My Three Favorite Back Exercises for Grapplers

The following are my three personal favorite exercises to strengthen and develop the back for grappling athletes. Let me make clear that these exercises are my favorite. This does not mean they are the only exercises I do for back. I utilize many different exercises for back (a full list of exercises will be at the end of the article), but of all of them, these are my favorites and why.

Pull Ups:

Franco Pull Up

The pull up is the king and staple of old school body weight wrestling training. Not only does is help establish grip strength (which is a crucial component of wrestling and jiujitsu), it requires you to be strong with your own bodyweight. This is very important when you are competing with other athletes who are competing at the same weight as you. The exercise is simple. Hang on the bar with both arms lock out, then pull yourself up until your chin rises above the bar. Then lower yourself ALL the way down. There’s one correct pull up. Pull ups help develop the lats which make up the major vertical pulling muscles in your back. I know what you’re thinking, “When am I ever going to do a pull up in competition?” How about a snap down in wrestling? Since last i checked there was no “snap down” machine at the gym, pull ups are the next best developer of the muscles used to pull things down, and or close into your body. You can add these at the end of your workout, or if you have a pull up bar set up in your home, every time you walk by you can bust out 5-10 pull ups.

Sample Pull Up Finisher:

5 sets of sub max reps (if you can do 10 max, only do 7-8)


franco deadlift

If the squat is the greatest strength building exercise, deadlifts come in a close second. Deadlifts assist in strengthening your posterior chain (the chain of muscles running from the base of your neck, down to the bottom of your hamstrings). A strong posterior chain, traditionally means a safe back. When you’re in your wrestling stance, or in constant flexion having someone in your guard, or being in someone’s guard, having a strong posterior chain will protect your back. Deadlifts are also a great measure of strength. For grappling athletes, if you can deadlift 2x your bodyweight, and your opponent can only deadlift 1.5x his bodyweight, you are superiorly stronger. With all the lifting, throwing, and tossing in wrestling, the deadlift will help you handle your opponents with ease all while still being able to protect your spine. Take folkstyle wrestling for example. Say you start on top in referee’s position and your opponent is quick to stand up. If you want to pick him up and return him back to the mat, you need to lift him off balance and off the ground. The deadlift in all variations is just that movement. The practice of picking up objects (barbells, DB’s KB’s, atlas stones, sandbags, etc.) off the ground.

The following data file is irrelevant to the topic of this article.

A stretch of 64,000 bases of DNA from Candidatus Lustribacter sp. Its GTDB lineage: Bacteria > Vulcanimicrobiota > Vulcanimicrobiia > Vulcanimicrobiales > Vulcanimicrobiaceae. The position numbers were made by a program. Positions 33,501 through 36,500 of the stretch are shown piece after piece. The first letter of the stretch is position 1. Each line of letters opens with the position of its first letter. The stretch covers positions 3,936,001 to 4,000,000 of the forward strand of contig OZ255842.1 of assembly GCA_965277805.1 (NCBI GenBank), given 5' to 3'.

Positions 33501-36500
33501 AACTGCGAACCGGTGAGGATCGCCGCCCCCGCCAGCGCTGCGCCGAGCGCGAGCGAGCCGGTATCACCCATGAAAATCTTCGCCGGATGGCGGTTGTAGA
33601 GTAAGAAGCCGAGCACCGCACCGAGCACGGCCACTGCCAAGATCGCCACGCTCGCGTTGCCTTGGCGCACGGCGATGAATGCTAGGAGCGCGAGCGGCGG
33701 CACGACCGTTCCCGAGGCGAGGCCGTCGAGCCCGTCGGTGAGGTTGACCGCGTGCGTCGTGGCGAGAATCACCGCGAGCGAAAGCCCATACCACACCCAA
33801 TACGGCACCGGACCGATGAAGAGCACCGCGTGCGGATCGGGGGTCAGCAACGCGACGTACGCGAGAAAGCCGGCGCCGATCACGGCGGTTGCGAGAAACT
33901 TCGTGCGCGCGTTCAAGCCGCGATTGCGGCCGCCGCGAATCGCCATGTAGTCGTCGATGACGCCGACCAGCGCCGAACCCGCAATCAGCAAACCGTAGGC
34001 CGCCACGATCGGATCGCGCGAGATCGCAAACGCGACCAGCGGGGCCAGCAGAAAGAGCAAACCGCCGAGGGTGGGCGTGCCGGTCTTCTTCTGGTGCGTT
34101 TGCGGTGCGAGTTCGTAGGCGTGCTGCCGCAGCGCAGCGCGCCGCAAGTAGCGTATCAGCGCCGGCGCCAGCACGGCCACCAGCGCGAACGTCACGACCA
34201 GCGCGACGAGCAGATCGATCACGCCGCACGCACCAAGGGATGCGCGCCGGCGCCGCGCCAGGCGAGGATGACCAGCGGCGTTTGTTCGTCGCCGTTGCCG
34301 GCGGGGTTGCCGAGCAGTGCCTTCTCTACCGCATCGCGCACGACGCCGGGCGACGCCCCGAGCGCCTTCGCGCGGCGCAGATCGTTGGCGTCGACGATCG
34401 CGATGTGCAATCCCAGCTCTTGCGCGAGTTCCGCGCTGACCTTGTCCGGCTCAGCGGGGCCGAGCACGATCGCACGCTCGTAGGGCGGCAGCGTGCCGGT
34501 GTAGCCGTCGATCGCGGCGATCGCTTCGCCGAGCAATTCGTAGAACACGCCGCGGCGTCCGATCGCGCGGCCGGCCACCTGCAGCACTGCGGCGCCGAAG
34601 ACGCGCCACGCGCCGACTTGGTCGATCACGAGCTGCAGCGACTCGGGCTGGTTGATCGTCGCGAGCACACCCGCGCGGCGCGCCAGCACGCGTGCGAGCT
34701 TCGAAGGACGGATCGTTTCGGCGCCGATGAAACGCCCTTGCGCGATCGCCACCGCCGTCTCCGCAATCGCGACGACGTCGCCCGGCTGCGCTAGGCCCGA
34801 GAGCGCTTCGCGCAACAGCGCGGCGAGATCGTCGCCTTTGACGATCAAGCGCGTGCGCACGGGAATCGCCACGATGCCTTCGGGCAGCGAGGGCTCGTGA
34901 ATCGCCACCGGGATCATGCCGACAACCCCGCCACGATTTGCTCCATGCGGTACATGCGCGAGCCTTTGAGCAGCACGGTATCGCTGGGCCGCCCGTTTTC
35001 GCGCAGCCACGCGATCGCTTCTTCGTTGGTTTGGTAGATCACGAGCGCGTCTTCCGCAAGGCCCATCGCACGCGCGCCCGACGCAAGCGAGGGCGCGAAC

Sample Deadlift Workout:

One of the easiest ways to incorporate deadlifts into your strength training is a simple, 5×5 set up. Starting at one day a week, do five sets of five reps for deadlift and try to make each rep with perfect form, slowly adding weight each week. This works with both sumo and conventional stance.

Bent Over Barbell Rows:

Franco Bent Over Row

I should preface this by saying, any horizontal rowing motion is a fantastic exercise for the back in regards to grappling. Although, if I had to choose one, it would be the bent over row. The bent over row not only focuses on strengthening the muscles of your back responsible for pulling things to you in a horizontal plane, but also requires you to stay tight and in good position. This activates the muscles of the lower back isometrically (staying in a static position), and works the rowing muscles of the upper back, both eccentrically (lowering of the weight) and concentrically (actually lifting of the weight). Bent over Rows can be used with barbells, dumbbells, kettle bells, sand bags, etc. You can ever do them on a elevated surface to let the weights down even lower to get a stretch in the muscles during the eccentric portion of the lift. Not only is this exercise for back development, but also helps eliminate imbalances in the back. I see a lot of people do a lot of vertical pulling (pull ups, lat pull downs, etc.), and not enough horizontal pulling exercises. Imbalances in the body lead to injury and time away from rolling.